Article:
SecurityExceptionif a security manager exists and its
     
*
             
<code>checkPropertyAccess</code> method doesn't allow
     
*
              
access to the specified system property.
     
* @exception
  
NullPointerException if <code>key</code> is
     
*
             
<code>null</code>.
     
* @exception
  
IllegalArgumentException if <code>key</code> is empty.
     
* @see
        
#setProperty
     
* @see
        
java.lang.SecurityException
     
* @see
        
java.lang.SecurityManager#checkPropertyAccess(java.lang.String)
     
* @see
        
java.lang.System#getProperties()
     
*/

    
public static String getProperty(String key) {
        
checkKey(key);
        
SecurityManager sm = getSecurityManager();
        
if (sm != null) {
            
sm.checkPropertyAccess(key);
        
}

        
return props.getProperty(key);
    
}

    
/**
     
* Gets the system property indicated by the specified key.
     
* <p>
     
* First, if there is a security manager, its
     
* <code>checkPropertyAccess</code> method is called with the
     
* <code>key</code> as its argument.
     
* <p>
     
* If there is no current set of system properties, a set of system
     
* properties is first created and initialized in the same manner as
     
* for the <code>getProperties</code> method.
     
*
     
* @param
      
key
   
the name of the system property.
     
* @param
      
def
   
a default value.
     
* @returnthe string value of the system property,
     
*
             
or the default value if there is no property with that key.
     
*
     
* @exception
  
SecurityExceptionif a security manager exists and its
     
*
             
<code>checkPropertyAccess</code> method doesn't allow
     
*
             
access to the specified system property.
     
* @exception
  
NullPointerException if <code>key</code> is
     
*
             
<code>null</code>.
     
* @exception
  
IllegalArgumentException if <code>key</code> is empty.
     
* @see
        
#setProperty
     
* @see
        
java.lang.SecurityManager#checkPropertyAccess(java.lang.String)
     
* @see
        
java.lang.System#getProperties()
     
*/

    
public static String getProperty(String key, String def) {
        
checkKey(key);
        
SecurityManager sm = getSecurityManager();
        
if (sm != null) {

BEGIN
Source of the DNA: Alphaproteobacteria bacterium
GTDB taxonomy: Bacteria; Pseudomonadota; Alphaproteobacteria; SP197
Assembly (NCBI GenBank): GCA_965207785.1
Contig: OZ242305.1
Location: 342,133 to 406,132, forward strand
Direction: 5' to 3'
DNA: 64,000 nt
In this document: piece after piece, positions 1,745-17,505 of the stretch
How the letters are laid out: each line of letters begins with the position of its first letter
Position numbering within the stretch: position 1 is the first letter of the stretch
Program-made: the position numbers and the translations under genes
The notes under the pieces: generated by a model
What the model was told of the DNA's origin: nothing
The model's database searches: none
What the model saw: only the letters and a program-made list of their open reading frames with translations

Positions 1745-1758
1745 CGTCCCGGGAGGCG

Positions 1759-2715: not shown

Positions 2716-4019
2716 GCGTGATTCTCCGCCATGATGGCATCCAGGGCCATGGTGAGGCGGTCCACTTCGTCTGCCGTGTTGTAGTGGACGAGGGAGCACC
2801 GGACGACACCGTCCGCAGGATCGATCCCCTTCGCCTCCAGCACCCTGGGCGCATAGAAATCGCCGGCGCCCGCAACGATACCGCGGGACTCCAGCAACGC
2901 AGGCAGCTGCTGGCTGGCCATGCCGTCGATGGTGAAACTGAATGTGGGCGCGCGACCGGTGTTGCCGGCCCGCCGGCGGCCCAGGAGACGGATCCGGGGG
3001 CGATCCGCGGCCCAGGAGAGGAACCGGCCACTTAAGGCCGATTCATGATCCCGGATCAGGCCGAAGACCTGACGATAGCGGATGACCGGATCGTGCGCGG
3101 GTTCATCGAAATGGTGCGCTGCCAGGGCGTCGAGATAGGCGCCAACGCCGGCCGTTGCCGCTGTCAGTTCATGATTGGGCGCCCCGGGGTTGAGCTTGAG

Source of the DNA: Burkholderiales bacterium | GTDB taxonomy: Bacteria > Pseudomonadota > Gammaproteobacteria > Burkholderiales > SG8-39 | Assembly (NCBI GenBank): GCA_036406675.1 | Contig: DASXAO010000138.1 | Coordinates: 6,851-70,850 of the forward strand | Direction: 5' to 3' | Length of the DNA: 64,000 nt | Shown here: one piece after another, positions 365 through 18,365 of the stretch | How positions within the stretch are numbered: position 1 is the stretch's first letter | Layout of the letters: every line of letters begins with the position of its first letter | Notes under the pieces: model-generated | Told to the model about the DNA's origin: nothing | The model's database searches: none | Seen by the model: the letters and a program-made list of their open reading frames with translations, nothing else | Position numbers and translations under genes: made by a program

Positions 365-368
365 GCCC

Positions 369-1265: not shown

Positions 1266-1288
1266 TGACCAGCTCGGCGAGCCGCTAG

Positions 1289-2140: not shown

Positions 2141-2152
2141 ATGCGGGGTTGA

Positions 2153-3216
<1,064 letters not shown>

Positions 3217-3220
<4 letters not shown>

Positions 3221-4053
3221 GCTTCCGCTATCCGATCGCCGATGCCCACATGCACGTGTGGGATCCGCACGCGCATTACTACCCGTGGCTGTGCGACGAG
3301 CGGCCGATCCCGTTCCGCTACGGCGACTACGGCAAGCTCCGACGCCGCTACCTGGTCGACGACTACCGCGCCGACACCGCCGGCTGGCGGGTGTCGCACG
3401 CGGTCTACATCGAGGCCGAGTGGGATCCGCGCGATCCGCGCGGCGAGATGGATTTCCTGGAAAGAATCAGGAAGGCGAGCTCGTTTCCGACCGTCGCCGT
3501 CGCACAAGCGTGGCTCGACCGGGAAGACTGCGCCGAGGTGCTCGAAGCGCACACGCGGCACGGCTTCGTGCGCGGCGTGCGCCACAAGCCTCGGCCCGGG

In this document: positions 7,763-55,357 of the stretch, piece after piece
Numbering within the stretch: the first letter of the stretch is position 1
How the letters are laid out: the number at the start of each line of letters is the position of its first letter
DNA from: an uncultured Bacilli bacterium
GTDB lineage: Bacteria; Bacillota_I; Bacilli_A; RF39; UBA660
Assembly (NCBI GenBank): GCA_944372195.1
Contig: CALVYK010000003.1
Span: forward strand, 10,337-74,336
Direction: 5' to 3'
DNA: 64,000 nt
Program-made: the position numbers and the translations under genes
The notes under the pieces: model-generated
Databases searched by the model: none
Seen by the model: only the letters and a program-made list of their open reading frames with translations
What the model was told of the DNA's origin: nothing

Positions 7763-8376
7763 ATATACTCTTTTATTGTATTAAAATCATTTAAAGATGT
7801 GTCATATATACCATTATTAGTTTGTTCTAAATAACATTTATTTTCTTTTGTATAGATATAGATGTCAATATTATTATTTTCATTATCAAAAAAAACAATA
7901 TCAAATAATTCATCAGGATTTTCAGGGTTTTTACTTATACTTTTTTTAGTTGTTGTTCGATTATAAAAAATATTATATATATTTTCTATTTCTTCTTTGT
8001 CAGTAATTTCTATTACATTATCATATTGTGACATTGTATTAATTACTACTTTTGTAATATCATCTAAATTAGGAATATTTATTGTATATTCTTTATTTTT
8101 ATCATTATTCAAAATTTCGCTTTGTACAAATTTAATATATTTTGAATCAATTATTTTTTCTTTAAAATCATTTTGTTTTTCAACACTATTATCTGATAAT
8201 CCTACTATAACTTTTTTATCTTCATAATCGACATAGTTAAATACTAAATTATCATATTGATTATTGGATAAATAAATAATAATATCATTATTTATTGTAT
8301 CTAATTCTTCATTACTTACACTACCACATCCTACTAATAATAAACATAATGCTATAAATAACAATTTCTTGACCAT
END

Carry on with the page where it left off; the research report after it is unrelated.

sm.checkPropertyAccess(key);
        
}

        
return props.getProperty(key, def);
    
}

    
/**
     
* Sets the system property indicated by the specified key.
     
* <p>
     
* First, if a security manager exists, its
     
* <code>SecurityManager.checkPermission</code> method
     
* is called with a <code>PropertyPermission(key, "write")</code>
     
* permission. This may result in a SecurityException being thrown.
     
* If no exception is thrown, the specified property is set to the given
     
* value.
     
* <p>
     
*
     
* @param
      
key
   
the name of the system property.
     
* @param
      
value the value of the system property.
     
* @returnthe previous value of the system property,
     
*
             
or <code>null</code> if it did not have one.
     
*
     
* @exception
  
SecurityExceptionif a security manager exists and its
     
*
             
<code>checkPermission</code> method doesn't allow
     
*
             
setting of the specified property.
     
* @exception
  
NullPointerException if <code>key</code> or
     
*
             
<code>value</code> is <code>null</code>.
     
* @exception
  
IllegalArgumentException if <code>key</code> is empty.
     
* @see
        
#getProperty
     
* @see
        
java.lang.System#getProperty(java.lang.String)
     
* @see
        
java.lang.System#getProperty(java.lang.String, java.lang.String)
     
* @see
        
java.util.PropertyPermission
     
* @see
        
SecurityManager#checkPermission
     
* @since
      
1.2
     
*/

    
public static String setProperty(String key, String value) {
        
checkKey(key);
        
SecurityManager sm = getSecurityManager();
        
if (sm != null) {
            
sm.checkPermission(new PropertyPermission(key,
                
SecurityConstants.PROPERTY_WRITE_ACTION));
        
}

        
return (String) props.setProperty(key, value);
    
}

    
/**